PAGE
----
This departmental QFR reflects the results of the current fiscal period in relation to the 2012-13 Main Estimates and the Supplementary Estimates (A), for which full supply was released by Parliament on June 29, 2012, the carry-forward of operating funds from 2011-12 to 2012-13 that was approved on September 28, 2012, the reimbursement of eligible paylist expenditures and the Supplementary Estimates (B) that was approved on December 14, 2012.
Total authorities used during the third quarter of 2012-13 amounted to $290 million (26.9% of the total available authorities: 27.2% of total authorities used for grants and scholarships programs and 21.4% for operating expenditures and employee benefits). This represents a $6 million decrease from the same quarter of the previous fiscal year ($6.3 million net decrease in authorities used for grants and scholarships expenditures and $0.3 million increase in authorities used for operating and employee benefits plan expenditures). The decrease in grants and scholarships expenditures is the result of the phase out of the Economic Action Plan and the timing difference on payments due to the planned decrease spending in the Strategic Partnerships Programs and the reallocation of funding to Industry Driven Collaborative Research and Development Programs.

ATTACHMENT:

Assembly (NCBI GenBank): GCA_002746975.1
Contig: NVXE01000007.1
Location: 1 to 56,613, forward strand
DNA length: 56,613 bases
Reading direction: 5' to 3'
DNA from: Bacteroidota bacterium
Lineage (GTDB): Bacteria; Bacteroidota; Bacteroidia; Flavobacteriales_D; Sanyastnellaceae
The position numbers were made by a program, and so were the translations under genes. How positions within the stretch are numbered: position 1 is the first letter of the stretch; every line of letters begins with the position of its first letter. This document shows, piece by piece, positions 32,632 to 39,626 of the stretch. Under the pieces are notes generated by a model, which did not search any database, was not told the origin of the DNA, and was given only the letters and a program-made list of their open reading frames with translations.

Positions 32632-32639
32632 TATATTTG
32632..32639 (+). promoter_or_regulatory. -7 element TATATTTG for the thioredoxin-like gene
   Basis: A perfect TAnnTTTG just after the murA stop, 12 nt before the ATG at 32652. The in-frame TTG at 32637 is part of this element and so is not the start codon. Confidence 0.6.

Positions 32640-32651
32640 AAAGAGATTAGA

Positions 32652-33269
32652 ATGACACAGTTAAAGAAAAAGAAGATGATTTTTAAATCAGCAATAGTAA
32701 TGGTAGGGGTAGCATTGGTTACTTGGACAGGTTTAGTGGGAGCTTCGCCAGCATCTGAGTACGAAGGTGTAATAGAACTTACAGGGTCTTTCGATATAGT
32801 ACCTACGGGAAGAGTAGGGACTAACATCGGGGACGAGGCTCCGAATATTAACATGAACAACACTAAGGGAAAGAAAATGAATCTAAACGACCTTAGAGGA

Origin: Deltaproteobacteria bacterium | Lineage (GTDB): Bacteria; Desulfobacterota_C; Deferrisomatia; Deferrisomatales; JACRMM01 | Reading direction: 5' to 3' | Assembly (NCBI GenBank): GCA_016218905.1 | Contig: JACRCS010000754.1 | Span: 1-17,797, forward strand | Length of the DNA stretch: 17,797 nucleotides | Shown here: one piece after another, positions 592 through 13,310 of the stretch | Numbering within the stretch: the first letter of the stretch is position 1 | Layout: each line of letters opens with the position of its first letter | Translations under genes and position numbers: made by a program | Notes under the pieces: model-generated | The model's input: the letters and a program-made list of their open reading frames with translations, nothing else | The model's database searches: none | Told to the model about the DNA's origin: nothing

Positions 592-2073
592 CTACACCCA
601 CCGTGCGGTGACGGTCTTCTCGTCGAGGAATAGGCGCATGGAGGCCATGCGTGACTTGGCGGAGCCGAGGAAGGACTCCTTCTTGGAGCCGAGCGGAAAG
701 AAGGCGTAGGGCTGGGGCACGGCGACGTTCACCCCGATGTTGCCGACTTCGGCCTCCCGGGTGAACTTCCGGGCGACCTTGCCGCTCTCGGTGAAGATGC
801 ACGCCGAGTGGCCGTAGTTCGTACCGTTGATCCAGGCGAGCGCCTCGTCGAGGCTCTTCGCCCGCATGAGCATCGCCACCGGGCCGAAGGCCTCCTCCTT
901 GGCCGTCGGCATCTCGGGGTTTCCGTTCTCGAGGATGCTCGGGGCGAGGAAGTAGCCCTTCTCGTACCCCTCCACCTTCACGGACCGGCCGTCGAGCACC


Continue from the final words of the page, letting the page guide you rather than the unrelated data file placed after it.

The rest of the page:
The increase in authorities used for operating expenditures and the employee benefits plan over the third quarter of the previous year can be attributed to an increase in personnel expenditures due to the annual salary increase.